INDICTMENT found and returned in the Superior Court Department on November 20, 2007.
Pretrial hearings on the issue of the defendant's competency were had before Kathe M. Tuttman, J., and S. Jane Haggerty, J.; and the case was tried before Diane M. Kottmyer, J.
David M. Skeels, Committee for Public Counsel Services, for the defendant.
Sean J. Casey, Assistant District Attorney, for the Commonwealth.
AGNES, J. The defendant, Michael Scionti, appeals from his conviction of assault and battery on a correction officer. The two issues raised on appeal are whether he was competent to stand trial and, if so, whether he was denied due process of law when the judge conducted the jury trial without his presence in the courtroom. We affirm because there was an adequate evidentiary basis for the judge's determination that the defendant was competent and, due to his obstreperous and threatening behavior, the defendant forfeited his right to be present in the courtroom during trial.
Factual background. This is a case in which three experienced Superior Court judges at five separate hearings gave careful consideration to the defendant's persistent refusal to come into the courtroom and its relationship to the issues of competency and confrontation.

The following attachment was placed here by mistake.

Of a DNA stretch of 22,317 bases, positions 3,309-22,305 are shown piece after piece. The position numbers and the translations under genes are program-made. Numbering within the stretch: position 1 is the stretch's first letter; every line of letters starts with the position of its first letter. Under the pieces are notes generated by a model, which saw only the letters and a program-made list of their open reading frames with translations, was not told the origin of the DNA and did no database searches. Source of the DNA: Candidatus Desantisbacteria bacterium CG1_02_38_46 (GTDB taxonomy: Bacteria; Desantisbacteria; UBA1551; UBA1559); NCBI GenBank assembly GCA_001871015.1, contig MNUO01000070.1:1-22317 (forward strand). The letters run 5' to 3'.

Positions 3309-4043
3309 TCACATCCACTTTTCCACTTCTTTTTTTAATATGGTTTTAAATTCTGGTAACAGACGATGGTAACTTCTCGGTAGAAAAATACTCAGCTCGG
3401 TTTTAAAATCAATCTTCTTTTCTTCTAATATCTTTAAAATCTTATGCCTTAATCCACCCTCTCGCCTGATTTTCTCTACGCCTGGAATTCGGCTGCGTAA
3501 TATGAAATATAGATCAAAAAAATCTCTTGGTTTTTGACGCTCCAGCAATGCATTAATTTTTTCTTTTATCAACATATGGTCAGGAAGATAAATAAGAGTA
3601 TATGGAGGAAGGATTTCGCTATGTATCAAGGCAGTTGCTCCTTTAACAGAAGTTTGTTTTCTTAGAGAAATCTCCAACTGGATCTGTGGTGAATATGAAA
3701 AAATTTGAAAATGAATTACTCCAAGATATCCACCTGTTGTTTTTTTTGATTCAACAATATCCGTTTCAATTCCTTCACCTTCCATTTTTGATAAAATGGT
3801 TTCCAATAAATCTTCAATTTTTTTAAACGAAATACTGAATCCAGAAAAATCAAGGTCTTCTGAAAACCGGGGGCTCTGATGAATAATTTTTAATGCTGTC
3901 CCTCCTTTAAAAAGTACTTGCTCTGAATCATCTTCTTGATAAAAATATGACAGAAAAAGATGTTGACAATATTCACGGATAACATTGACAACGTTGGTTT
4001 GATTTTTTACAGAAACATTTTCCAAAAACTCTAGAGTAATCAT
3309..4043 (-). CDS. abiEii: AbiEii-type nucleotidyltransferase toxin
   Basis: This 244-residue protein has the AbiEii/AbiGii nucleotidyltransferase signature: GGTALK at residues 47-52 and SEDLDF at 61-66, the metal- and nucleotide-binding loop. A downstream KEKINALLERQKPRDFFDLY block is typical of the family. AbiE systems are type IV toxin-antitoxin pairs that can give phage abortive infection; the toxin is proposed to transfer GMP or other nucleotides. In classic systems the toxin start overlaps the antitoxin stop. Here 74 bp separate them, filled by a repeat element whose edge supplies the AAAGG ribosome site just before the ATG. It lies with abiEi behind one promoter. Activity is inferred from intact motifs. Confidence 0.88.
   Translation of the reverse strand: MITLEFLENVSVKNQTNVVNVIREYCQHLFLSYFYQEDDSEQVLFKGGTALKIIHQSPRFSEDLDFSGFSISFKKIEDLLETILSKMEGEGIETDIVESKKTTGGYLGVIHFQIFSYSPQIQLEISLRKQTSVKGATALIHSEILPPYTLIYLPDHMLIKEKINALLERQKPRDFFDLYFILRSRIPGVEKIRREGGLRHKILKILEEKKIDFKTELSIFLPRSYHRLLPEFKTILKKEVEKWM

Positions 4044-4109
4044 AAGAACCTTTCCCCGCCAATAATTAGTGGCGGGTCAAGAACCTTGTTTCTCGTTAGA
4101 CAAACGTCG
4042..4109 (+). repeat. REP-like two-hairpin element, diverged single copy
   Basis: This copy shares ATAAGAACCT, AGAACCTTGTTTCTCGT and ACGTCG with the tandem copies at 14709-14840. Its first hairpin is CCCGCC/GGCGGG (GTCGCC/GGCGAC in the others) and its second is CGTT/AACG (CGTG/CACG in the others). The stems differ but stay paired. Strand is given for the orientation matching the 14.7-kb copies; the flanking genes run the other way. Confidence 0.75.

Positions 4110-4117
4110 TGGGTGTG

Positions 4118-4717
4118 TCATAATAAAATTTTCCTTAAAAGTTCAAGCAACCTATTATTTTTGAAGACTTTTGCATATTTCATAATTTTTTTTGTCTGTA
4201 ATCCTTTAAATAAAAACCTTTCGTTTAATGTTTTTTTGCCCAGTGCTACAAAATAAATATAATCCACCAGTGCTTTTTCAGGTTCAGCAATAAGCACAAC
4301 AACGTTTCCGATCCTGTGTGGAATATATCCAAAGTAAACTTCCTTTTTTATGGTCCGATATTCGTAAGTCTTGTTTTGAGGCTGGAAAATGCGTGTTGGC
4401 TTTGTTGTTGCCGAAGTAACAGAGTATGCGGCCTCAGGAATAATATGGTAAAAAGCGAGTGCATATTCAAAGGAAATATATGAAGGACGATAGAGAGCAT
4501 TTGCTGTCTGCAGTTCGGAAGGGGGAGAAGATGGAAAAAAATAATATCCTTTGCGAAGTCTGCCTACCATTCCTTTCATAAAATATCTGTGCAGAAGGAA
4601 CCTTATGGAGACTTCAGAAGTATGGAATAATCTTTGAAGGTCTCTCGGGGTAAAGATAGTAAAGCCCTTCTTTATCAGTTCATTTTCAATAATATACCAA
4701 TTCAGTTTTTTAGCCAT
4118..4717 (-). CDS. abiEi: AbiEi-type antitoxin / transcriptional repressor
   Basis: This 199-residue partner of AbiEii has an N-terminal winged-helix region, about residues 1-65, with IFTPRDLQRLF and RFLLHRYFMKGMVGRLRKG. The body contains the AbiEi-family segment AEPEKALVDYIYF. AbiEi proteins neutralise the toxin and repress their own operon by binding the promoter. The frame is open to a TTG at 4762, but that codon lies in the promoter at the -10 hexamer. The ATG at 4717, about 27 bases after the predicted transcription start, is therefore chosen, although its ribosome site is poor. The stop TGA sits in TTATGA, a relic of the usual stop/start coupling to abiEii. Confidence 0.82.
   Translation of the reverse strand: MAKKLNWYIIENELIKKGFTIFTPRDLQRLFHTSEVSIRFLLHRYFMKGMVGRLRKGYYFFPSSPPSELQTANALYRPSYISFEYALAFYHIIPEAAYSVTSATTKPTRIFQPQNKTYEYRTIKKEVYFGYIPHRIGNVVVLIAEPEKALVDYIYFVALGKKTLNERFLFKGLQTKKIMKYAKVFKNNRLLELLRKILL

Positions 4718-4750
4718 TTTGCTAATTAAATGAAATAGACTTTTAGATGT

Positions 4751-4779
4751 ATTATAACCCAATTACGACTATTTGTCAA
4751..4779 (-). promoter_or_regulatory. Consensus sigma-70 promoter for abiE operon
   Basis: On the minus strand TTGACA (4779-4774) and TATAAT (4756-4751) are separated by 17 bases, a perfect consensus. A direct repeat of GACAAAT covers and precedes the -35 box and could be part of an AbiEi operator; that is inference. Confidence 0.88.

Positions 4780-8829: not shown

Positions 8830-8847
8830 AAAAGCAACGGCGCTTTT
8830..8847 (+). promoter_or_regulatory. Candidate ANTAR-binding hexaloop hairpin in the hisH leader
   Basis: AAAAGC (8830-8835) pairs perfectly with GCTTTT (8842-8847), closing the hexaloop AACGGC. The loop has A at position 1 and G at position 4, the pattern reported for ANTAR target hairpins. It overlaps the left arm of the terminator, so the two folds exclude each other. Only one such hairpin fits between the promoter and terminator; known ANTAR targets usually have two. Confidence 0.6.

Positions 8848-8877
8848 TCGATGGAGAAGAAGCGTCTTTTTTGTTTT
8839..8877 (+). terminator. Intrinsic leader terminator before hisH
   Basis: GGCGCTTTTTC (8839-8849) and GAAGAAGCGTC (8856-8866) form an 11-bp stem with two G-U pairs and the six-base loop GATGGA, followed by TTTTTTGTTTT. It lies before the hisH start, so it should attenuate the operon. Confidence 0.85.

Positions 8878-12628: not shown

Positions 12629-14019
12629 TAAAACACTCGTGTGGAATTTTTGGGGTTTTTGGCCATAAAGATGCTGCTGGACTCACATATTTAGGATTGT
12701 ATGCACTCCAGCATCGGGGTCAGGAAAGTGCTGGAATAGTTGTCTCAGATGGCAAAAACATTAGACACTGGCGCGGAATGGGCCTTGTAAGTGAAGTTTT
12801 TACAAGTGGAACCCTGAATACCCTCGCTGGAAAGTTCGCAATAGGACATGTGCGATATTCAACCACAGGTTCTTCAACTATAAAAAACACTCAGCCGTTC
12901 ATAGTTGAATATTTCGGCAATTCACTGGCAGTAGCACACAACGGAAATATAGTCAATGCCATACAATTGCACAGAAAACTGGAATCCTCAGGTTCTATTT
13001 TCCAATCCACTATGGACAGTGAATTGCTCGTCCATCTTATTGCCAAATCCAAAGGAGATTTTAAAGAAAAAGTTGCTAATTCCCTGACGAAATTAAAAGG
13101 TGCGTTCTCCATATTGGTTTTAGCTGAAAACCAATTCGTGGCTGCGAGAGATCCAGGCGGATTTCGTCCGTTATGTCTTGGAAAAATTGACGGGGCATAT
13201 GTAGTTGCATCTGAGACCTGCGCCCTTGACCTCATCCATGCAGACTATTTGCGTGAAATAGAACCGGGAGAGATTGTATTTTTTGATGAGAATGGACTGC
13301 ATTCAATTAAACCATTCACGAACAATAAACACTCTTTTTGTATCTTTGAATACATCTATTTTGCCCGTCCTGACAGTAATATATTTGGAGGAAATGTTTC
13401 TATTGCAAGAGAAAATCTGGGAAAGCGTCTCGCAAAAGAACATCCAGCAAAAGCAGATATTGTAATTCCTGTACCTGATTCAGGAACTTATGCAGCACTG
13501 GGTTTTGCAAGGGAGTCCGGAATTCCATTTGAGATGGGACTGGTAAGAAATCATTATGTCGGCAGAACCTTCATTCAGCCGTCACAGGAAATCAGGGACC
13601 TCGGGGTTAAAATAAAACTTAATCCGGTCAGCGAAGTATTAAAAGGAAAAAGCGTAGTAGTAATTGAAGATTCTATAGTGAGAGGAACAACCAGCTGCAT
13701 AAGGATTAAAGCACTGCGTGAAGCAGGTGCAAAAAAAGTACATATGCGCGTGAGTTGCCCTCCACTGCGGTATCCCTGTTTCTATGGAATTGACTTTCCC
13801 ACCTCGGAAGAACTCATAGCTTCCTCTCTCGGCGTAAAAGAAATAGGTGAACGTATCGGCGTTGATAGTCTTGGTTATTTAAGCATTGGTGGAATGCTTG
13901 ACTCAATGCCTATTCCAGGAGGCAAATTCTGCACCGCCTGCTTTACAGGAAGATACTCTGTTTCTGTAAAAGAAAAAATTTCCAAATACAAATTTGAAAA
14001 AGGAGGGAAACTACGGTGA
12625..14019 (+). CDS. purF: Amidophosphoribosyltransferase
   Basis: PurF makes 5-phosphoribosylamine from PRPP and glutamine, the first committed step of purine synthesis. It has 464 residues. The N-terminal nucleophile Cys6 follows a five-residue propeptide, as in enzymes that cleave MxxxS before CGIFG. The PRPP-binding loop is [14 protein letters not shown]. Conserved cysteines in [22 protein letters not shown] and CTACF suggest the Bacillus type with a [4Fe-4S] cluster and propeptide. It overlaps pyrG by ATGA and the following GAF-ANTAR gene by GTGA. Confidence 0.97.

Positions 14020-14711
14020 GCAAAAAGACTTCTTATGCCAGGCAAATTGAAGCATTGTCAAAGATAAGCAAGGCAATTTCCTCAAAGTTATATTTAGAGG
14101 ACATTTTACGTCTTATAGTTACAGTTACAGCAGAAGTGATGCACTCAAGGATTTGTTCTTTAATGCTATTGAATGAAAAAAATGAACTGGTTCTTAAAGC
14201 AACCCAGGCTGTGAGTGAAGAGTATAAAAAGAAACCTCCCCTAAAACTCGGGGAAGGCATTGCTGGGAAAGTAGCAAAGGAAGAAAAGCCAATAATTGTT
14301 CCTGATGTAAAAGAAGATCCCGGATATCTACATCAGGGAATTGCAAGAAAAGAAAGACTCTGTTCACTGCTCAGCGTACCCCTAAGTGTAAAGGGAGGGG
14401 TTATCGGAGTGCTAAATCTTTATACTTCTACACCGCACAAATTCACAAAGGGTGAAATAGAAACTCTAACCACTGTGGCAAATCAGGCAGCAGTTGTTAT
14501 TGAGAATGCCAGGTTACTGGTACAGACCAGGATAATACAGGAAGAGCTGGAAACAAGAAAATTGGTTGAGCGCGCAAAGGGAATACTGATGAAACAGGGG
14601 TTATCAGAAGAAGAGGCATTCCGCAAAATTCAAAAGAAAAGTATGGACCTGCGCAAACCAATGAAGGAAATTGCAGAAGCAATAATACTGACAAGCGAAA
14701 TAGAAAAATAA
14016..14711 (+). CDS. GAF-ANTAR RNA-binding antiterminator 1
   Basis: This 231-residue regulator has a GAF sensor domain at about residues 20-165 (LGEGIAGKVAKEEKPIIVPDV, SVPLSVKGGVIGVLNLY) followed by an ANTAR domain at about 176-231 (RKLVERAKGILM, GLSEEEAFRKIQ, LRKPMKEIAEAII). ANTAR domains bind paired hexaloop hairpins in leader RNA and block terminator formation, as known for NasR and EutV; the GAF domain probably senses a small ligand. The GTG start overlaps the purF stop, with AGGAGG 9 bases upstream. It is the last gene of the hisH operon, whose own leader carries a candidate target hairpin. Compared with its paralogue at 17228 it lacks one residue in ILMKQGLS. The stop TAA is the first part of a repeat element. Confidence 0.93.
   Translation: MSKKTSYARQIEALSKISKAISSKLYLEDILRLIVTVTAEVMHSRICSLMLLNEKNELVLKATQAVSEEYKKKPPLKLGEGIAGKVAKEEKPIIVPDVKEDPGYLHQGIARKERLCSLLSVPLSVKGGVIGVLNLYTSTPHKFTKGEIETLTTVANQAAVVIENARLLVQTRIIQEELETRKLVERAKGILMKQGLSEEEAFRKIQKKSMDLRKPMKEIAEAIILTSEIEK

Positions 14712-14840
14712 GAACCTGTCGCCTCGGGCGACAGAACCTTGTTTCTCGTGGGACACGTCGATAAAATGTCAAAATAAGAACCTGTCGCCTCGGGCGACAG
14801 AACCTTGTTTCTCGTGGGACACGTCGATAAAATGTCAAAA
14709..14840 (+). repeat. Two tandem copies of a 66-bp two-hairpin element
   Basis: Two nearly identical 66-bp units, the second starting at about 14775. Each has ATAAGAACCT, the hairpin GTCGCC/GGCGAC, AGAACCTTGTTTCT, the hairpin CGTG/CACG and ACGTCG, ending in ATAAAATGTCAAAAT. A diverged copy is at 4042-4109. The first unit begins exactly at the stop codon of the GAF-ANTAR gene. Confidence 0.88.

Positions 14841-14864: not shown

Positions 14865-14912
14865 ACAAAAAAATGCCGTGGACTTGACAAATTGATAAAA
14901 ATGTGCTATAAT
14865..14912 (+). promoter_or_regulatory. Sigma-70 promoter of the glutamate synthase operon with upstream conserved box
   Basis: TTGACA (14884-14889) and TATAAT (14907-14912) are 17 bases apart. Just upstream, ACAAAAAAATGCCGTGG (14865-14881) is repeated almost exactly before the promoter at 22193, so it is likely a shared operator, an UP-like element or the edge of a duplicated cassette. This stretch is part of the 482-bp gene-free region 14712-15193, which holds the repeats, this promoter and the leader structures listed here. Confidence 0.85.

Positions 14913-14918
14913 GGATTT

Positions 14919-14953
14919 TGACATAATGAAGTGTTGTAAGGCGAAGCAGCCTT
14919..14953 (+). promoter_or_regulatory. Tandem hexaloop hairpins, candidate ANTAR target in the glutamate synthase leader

1. Hearing on September 29, 2009. The defendant's case was originally scheduled for trial before a Superior Court judge sitting in Lowell on September 29, 2009. The defendant was in the lockup near the courtroom. Defense counsel informed the judge that the defendant did not wish to be present and had refused to come into court the last several times the case was before the court. This was confirmed by a court officer who told the judge that the defendant refused to cooperate with him.
The judge ordered a screening examination for competency to stand trial. See G. L. c. 123, § 15(a). The examination was conducted by Dr. Joyce Perrotta, a forensic psychologist, who was familiar with the defendant and his history. She had evaluated the defendant four times in District Court prior to September 29, and she described several previous mental health evaluations of the defendant. In particular, she described a report by